“5. He was married in the Logan Temple, so his six sons were born under the covenant.

“6. He went on a mission for the Church, after his mission, he went to a gold-leaf lettering school in Chicago (I think it was) for a few months.

“7. I remember all of us kneeling on individual chairs in a semi-circle in family prayer in our home in Smithfield, Utah.

“8. He was a great musician – director of the Hyde Park Band, and also director of the Smithfield Band. We also had a little family orchestra consisting of piano (played by my mother), violin played by Eugene, trombone Milton), triangle (I believe this was Charles and drums by Eddie (Edwin).

“I will now describe the incident I had with my dad:
“My dad had a lot of work to do during this particular time so he was very busy. One of my older brothers who ordinarily helped him with this kind of work couldn’t be with him this day, so he asked me to help him. We were working some very expensive wall paper and the job was for a prominent professional man here in Cache Valley. I pasted the wall paper with a dutch brush with the use of a regular wall paper table then I folded the paper to get it ready for my dad. He was hanging the paper on the ceiling of the living room. (Yes, in those days, wall paper was even hung on the ceiling overhead!]) We ran out of paste. My Dad asked me to make some more. I made the mistake of putting the dry ingredients in the bucket and then adding boiling water as I stirred the mixture. Obviously, the paste was a little lumpy. (I should have known better because I had seen my father make the paste before, but I guess I was too interested in music and girls and didn’t pay the attention that I should when I was working with my Dad). I started pasting the wall paper with the newly made paste and when my Dad started to hang the paper on the ceiling, he saw the small lumps showing up as he leveled out the paper with his wide smoothing brush.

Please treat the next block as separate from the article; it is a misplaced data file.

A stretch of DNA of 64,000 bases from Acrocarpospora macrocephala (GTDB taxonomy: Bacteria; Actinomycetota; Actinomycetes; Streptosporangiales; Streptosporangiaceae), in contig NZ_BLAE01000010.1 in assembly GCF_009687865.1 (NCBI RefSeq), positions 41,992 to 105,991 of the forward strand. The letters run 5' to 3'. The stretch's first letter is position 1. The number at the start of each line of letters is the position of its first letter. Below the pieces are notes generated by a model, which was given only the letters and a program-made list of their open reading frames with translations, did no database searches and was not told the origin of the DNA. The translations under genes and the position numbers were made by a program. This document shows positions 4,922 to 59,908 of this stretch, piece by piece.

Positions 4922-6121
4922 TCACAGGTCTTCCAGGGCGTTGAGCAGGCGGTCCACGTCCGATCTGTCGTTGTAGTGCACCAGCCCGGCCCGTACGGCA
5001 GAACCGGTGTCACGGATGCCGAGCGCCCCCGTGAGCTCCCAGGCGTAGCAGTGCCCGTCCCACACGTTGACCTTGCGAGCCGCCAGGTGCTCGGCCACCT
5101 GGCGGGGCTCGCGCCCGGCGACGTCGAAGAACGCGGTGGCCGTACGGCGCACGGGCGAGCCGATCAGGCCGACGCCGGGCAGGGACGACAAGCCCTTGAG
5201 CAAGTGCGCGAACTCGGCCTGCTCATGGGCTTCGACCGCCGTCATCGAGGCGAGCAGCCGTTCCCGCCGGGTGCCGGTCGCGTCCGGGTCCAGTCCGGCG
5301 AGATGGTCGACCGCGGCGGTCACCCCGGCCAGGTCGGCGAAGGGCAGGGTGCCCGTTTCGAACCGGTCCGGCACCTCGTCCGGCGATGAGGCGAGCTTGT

“Chasten was hardly the word for it – he really told me off. He then took the time to make the paste himself – slightly cussing me while he was mixing it. I have never forgotten this experience. If pre-pasted wallpaper ever becomes scarce and anyone needs some good smooth paste, just let me know because I really know how to make it now – even to this day.